Blood Deficiency: A Traditional Chinese Medicine Overview

by Kacie Krecolowich R.Ac |

Blood Deficiency: A Traditional Chinese Medicine Overview

Blood Deficiency. Iron Deficiency. Anemia. Low Ferritin.

Blood deficiency is a very common Traditional Chinese Medicine pattern I see in clinic, especially with menstruating women. From a young age until menopause, many of us will have monthly bleeds which makes it super important to ensure we are consistently building back the blood we lose every month. Unfortunately, this isn't happening and for most women - and they don't even know they have a deficiency.

A Chinese Medicine blood deficiency diagnosis can show up on western blood work as low ferritin and in my experience it usually does, but because the range is so large on a test (roughly 5-270 ug/L) it often goes missed by many doctors. In clinic, I see many women who are around the 20-40 ug/L when optimally you want your levels to be at least 100 ug/L. This is something I recommend checking with your doctor or primary healthcare practitioner.

Symptoms of Blood Deficiency

Below are the most common symptoms, causes and my favourite ways to address it! Symptoms can include:

  • Fatigue/ low energy

  • Anxiousness

  • Poor sleep

  • Easily bruising

  • Poor memory

  • Dizziness/dizziness upon standing

  • Floaters in the eyes

  • Hair loss

  • Scanty flows or heavy flows (yes, it can go either way)

  • Constipation

  • Dry, brittle nails

  • Muscle tension/tightness

  • Restless leg syndrome

Getting to the Root Cause

The most important part of addressing blood deficiency is finding the root cause of the issue, which if I'm being honest, can sometimes be a pain in the ass. I always recommend working with a practitioner to find your root cause and treat from there. Below are some of the most common causes of blood deficiency:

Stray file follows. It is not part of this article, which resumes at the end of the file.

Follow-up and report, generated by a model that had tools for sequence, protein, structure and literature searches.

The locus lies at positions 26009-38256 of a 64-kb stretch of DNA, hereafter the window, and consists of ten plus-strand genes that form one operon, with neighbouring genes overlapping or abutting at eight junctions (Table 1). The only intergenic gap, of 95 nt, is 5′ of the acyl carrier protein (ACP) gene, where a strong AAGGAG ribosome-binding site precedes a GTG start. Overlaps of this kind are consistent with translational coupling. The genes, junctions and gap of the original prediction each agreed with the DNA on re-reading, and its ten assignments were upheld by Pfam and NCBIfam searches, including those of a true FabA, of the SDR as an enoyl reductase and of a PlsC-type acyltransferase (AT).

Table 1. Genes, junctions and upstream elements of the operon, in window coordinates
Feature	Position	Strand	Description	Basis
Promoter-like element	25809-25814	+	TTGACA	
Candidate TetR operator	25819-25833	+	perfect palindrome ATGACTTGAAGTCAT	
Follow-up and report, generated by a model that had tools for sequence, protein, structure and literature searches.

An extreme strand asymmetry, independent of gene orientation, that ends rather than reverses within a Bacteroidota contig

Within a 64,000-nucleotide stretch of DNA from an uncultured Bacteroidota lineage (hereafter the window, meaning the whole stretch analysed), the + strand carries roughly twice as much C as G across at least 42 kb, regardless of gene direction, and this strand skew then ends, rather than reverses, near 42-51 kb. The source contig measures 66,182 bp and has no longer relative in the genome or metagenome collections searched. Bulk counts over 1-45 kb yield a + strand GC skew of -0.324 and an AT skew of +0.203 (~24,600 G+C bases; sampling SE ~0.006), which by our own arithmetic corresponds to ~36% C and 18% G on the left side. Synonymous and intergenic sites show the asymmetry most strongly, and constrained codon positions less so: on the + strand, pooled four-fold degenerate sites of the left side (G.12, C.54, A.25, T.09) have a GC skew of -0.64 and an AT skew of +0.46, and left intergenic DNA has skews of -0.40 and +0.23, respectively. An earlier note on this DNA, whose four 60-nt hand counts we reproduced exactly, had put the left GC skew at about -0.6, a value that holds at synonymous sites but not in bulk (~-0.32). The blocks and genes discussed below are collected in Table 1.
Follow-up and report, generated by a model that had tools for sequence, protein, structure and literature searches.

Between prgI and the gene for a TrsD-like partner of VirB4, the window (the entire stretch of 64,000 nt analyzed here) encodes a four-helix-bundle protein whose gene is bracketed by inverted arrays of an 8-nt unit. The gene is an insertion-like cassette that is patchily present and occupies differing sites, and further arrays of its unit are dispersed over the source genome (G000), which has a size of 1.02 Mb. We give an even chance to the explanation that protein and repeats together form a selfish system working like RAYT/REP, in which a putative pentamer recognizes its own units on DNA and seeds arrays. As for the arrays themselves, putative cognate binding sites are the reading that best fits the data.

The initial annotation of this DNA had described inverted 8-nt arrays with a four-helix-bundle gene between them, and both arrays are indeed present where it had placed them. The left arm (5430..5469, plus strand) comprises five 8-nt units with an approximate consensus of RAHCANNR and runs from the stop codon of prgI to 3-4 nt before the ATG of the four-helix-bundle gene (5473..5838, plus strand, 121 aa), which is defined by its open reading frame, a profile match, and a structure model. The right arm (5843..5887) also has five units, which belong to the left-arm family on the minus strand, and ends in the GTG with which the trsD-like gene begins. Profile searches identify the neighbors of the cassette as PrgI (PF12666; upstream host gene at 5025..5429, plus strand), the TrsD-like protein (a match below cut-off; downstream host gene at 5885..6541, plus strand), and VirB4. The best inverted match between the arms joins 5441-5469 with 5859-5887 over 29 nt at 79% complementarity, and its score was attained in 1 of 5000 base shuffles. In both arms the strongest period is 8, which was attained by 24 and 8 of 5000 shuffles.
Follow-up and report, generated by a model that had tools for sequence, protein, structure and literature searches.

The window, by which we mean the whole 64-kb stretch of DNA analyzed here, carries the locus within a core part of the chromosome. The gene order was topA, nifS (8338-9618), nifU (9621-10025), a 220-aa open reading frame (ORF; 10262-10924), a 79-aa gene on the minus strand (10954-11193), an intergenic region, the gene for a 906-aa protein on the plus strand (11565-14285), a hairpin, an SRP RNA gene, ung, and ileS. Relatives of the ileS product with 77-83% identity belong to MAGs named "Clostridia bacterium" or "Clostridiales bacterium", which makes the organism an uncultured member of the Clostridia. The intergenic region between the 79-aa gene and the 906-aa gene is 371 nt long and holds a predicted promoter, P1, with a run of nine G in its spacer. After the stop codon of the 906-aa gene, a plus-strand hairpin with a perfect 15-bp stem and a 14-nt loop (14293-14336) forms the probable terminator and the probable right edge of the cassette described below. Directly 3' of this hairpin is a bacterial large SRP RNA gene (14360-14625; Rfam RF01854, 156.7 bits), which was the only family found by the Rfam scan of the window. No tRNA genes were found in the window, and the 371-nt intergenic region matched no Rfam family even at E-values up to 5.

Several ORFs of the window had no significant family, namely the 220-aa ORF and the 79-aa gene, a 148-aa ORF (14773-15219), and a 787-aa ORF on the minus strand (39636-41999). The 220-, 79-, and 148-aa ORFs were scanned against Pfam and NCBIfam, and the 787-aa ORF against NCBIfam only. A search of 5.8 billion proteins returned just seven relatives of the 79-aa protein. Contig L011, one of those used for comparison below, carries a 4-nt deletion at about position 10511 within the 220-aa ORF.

• blood loss (from injuries, surgery, childbirth)
  • internal blood loss (ulcerative colitis, crohns, stomach ucler)
  • heavy menstruation
  • nutrient deficiency
  • digestive issues (IBS, SIBO, H Pylori, leaky gut or low stomach acid)
  • overworking + overthinking
  • stress
My Recommendations for Addressing Blood Deficiency 
Supplement with Iron

If you the root cause of your problem only then using the iron supplements will work. For example, if you have an underlying digestive issue that's making it hard to absorb nutrients from the food you eat, taking an iron supplement isn't going to get you very far (because you won't be able to properly absorb it).

Again, I recommend working with a health practitioner who can assist you in finding the root cause and set you up with a supplement based on your needs (there are lots of options including ones for vegans).

Look to Vitamin C

Vitamin C is essential for assisting iron absorption in the body (which is why doctors will tell you to take your iron supplement with orange juice), but I prefer taking an actual vitamin C supplement, my favourite being this one by LivOn Labs. Plus, vitamin C is also the precursor to collagen which is found in the tissues of your digestive tract and helps to repair and heal your lining (more about digestion below).